Today, in 2018, when translating some piece of fiction from a foreign language into French, which tense would be normally used for the past tense of the foreign language: Passé simple or Passé composé? Would perhaps either feel "all right" to the readers, or one of them feel too archaic/formal, or the other too conversational/informal?

I'm looking at a new translation of Agatha Christie's "The Murder of Roger Acroyd" (traduction nouvelle de Françoise Jamoul) and it starts out using passé simple from the get-go. I'm curious as to why, and tried to come up with possible reasons - don't laugh too hard if some of them are ridiculous...

  1. Is it because this is an old novel, and so a linguistic style compatible with its age is appropriate? Would a modern detective novel translated from English use passé composé?

  2. Is it because this is the appropriate choice for a literary text, even a detective novel, and the use of passé composé would be too informal?

  3. Is it because English, particularly, employs widely both simple past and present perfect, and to distinguish them two French tenses are customarily used, even though this doesn't reflect contemporary conversational usage?


#3 is certainly wrong. The difference between passé simple and passé composé is not at all the same as the difference between simple past and present perfect. Passé simple and passé composé are pretty much interchangeable with regards to meaning. You can take any sentence and switch between the two, it will mean (almost) the same thing (with some differences in subtext, passé simple is for more distant past). This isn't the case for simple past vs present perfect, often you can't even do this switch and keep a meaningful sentence.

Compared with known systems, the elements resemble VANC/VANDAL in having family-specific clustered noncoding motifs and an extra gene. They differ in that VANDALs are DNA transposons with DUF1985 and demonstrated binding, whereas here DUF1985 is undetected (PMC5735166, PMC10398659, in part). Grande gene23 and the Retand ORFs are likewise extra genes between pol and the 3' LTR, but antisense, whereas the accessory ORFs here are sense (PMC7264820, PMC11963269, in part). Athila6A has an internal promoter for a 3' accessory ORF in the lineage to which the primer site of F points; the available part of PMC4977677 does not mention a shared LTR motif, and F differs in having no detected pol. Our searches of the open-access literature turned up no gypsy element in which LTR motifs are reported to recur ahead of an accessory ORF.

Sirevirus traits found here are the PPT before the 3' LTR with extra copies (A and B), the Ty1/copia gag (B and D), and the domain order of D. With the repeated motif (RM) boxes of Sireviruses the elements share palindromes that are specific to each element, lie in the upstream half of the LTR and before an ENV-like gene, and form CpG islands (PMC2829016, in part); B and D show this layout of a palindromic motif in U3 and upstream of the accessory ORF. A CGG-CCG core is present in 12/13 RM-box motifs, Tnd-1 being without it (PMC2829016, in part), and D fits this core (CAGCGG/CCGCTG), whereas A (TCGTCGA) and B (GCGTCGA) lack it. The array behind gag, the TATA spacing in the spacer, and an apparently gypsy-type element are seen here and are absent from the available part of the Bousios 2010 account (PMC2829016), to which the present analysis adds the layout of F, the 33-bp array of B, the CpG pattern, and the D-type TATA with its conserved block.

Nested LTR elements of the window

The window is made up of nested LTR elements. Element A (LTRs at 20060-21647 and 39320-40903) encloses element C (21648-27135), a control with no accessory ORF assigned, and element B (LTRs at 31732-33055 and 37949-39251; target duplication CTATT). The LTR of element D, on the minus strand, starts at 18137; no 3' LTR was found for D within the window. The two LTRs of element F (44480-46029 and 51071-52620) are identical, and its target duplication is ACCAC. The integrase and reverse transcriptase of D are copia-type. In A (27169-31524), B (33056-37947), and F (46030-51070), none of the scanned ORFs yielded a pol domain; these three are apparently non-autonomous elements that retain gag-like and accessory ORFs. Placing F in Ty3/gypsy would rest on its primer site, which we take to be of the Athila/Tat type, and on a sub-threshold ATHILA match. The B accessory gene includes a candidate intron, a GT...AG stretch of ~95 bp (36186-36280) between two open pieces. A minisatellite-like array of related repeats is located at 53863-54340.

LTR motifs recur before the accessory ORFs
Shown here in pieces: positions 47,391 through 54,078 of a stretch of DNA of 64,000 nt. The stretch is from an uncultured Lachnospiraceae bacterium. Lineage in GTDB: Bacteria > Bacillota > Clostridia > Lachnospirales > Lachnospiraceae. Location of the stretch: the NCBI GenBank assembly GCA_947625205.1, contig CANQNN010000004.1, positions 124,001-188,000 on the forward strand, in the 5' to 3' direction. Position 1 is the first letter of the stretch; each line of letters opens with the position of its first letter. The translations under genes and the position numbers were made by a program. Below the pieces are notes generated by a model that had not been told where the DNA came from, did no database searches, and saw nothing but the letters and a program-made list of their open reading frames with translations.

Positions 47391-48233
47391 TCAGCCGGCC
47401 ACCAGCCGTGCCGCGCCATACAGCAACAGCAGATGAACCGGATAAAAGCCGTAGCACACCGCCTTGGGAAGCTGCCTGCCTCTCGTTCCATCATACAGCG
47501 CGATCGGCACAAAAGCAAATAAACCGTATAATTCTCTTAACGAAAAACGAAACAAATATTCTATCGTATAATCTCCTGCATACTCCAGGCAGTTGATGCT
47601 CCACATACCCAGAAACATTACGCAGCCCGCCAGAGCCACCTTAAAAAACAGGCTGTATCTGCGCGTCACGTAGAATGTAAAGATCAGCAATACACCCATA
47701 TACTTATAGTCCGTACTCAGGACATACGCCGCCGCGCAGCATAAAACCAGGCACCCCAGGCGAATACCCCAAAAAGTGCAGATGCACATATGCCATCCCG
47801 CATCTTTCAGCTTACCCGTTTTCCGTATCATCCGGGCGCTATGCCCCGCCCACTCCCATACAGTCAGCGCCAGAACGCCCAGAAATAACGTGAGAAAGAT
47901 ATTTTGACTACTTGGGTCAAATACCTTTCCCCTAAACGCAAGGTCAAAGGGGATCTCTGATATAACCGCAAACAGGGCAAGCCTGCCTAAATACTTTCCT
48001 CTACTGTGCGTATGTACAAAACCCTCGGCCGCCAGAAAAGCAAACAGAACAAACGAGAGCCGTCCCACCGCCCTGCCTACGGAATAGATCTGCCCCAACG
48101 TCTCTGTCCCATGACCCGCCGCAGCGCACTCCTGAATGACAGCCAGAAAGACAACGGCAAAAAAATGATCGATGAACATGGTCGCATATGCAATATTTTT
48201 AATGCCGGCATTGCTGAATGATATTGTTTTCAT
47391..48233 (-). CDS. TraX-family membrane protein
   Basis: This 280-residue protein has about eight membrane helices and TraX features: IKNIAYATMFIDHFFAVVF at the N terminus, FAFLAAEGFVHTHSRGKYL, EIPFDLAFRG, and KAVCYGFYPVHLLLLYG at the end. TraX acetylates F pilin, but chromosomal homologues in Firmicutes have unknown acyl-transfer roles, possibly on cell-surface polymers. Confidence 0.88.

Passé simple is simply the tense used for literature, even if orally nobody uses it anymore. "Even" for detective novels (although I'm not sure why detective novels would be "less formal"), passé simple is the tense of choice. It has nothing to do with the age of the novel.

However, even for literature, passé simple is starting to decline somewhat. Book meant for children/teenagers are starting to be written in passé composé: famously, the new translation of The Famous Five is written with passé composé. Younger people tend to write their autobiographies using passé composé, apparently. Other than that, using passé composé would probably feel informal to most (adult, I guess) people.

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